Steven McGregor, “Servant or Slave” (2017)
Few Australians have very little appreciation of the apartheid-style society that exploited Aboriginal people, Torres Strait Islanders and even Melanesians imported from abroad for their labour to clear land for pasture and plantation crops like sugar cane, establishing in the process the foundation for Australia’s agricultural wealth. But to understand how generations of Aboriginal children were taken away from their families for most of the 20th century, put into institutions that trained them to perform menial work or heavy labouring jobs for very little money (or even none), and how not just their employers but also Australian federal and state governments and their agencies benefited from such an institutional phenomenon, we need to know the social, political and economic context, and the ideology underpinning this context. The fact is that the Australian nation was founded on the exploitation of its resources – land, water, plants and animals, and ultimately even its native peoples – along with the exploitation of the convicts, migrants and others who came to the country after European settlement began in 1788, for geopolitical reasons that favoured a small English (and later British) elite. This exploitation was part of a vast imperial structure that encompassed lands in several continents (notably in Africa and southern Asia) and impoverished millions, destroyed their cultures and traditions, forced them to work and even to fight for their colonial masters in wars in distant countries, and allowed them to starve during periods of famine.
The value of “Servant or Slave” is not just to document how thousands of Aboriginal girls and young women were kidnapped or taken from their families and forced into institutions by the Australian government that trained them for domestic service, but to show how this arrangement was deeply embedded in Australian society and how the exploitation of Aboriginal people’s labour, through domestic service and other forms of employment, benefited the government and the people and companies who employed Aboriginal people in menial jobs or heavy physical work. The five indigenous women sharing their stories of how they were kidnapped by government agents from their families, put into institutions where they were beaten, sexually abused, brainwashed into believing they were inferior and taught not to trust their own people, and then later employed as full-time housekeepers, maids and unpaid baby-sitters, are very brave in reliving their experiences and traumas in interviews. They speak of the long-term psychological traumas and other harms they and their families (both their birth families and the families they later had themselves) suffered. These women’s experiences were typical of the experiences other Aboriginal girls (and even boys) had to undergo. Through interviews with historians and academics, we learn that Aboriginal people were never adequately paid for the work they did as domestic servants or rural agricultural workers and that as a result they could not amass and pass on any material wealth to their children and grandchildren, which helps to explain why so many Aboriginal families in many parts of Australia still live in poverty. Even more horrifying is news that the money that should have been paid to Aboriginal workers was instead used to fund even more predation of Aboriginal children and to support the institutions that trained them for lives of servitude.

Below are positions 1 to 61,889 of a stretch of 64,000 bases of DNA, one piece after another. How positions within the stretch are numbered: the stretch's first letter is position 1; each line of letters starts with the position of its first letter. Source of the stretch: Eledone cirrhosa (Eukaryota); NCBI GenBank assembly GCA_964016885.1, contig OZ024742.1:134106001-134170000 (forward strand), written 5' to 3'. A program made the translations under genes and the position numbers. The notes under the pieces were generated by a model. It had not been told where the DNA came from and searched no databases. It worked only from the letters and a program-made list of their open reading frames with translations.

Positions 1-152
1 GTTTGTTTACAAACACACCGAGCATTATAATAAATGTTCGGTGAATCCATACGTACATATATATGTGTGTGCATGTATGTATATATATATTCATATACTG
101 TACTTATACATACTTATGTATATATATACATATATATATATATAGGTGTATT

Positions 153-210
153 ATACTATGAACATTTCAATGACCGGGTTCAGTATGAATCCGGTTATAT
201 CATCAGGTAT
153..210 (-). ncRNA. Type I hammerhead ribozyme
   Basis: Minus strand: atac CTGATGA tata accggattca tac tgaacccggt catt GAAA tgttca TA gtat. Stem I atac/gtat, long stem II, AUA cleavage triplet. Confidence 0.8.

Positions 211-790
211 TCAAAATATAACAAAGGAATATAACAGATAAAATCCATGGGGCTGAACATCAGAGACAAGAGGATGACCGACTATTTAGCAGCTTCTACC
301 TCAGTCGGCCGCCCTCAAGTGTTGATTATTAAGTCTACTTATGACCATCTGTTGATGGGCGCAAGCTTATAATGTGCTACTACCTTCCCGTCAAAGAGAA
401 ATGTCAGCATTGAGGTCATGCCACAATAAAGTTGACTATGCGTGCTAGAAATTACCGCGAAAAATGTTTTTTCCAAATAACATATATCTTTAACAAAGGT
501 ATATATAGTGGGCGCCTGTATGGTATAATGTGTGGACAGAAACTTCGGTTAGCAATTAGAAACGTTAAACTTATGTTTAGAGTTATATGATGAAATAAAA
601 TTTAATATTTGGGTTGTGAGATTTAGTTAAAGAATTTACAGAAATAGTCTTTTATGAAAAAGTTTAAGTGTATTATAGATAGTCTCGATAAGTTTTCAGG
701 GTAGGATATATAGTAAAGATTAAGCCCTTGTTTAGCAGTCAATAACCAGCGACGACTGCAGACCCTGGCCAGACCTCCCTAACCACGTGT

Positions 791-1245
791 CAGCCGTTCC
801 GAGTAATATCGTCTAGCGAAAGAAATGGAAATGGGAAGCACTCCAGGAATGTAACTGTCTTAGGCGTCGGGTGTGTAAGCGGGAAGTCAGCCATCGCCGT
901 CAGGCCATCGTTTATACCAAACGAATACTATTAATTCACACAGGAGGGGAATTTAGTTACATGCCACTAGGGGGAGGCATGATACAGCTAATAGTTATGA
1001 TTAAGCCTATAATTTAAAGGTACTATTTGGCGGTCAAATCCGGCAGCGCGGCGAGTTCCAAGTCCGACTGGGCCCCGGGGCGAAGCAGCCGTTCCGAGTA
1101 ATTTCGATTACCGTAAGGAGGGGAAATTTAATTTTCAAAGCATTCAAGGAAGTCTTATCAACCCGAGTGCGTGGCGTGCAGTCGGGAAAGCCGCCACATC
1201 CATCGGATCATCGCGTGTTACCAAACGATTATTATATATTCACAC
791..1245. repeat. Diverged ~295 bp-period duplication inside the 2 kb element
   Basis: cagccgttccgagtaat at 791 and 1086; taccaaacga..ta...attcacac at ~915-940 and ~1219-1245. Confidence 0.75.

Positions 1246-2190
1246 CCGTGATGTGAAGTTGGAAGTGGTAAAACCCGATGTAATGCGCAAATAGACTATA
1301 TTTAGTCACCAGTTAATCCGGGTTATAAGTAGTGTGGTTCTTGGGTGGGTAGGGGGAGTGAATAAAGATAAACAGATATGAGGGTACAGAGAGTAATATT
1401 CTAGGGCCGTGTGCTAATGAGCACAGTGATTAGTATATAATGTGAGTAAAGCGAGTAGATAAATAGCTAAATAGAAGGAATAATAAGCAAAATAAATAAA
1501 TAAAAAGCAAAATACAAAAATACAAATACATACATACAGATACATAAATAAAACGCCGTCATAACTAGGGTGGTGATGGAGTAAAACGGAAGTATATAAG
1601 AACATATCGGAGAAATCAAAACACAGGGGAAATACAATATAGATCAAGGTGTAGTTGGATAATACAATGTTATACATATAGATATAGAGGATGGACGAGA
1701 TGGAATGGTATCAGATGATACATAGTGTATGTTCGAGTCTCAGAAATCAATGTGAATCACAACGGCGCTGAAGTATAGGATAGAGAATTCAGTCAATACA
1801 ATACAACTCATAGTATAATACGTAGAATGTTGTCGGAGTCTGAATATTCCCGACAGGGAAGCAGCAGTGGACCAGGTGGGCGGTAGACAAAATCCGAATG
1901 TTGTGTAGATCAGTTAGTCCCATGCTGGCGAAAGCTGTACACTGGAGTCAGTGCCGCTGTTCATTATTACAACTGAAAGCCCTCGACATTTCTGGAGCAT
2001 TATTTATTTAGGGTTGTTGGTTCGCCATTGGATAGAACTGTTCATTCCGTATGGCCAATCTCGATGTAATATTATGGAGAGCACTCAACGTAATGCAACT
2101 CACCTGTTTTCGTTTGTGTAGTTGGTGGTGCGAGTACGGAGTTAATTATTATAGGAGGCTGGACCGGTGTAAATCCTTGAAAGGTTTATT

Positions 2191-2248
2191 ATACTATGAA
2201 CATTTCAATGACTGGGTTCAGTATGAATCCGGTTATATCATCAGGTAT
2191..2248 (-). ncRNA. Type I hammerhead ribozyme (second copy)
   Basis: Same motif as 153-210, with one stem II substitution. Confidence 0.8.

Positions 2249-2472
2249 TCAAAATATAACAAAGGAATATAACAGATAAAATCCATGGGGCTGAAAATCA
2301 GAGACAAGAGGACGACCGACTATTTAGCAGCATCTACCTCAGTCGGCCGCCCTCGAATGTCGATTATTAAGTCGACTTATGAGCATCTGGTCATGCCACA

The documentary uses re-enactments of the interviewees’ experiences to emphasise the fear they felt, their desperation and their isolation from help. While the re-enactments are tastefully done and are even poetic in style, they do tend to distance the audience from what is being shown on screen and don’t fully convey the horror of the abuse being portrayed or the victims’ immense suffering.
While the women interviewed reveal strength, determination and even pride that they endured such dreadful lives, and managed to find love through their children and grandchildren, the documentary ends on a fairly pessimistic note in observing that the monies owed to generations of Aboriginal people for their labour have either not been paid at all or are being dished out to them in ways and under conditions that are highly insulting and patronising towards them. It seems that the exploitative mind-set and ideology that dominated whitefella thinking and behaviour towards Aboriginal people from the mid-nineteenth century on still infects Australian politicians and bureaucrats, and still influences federal and state government policies that affect indigenous people’s lives. As Australia continues to follow the United States, Britain and other Western capitalist nations on a downward trajectory into more economic austerity, greater social inequality, lower standards of living and more financial and economic instability, the situation for Aboriginal people as a highly vulnerable group is likely to get worse.
Additional material that was not included in the original documentary focuses on the colonial exploitation of Melanesian people from the Solomon Islands and other Pacific island nations from the late nineteenth century as indentured labourers in sugar cane plantations in Queensland and other rural work that required much physical exertion in hot tropical or semi-tropical conditions.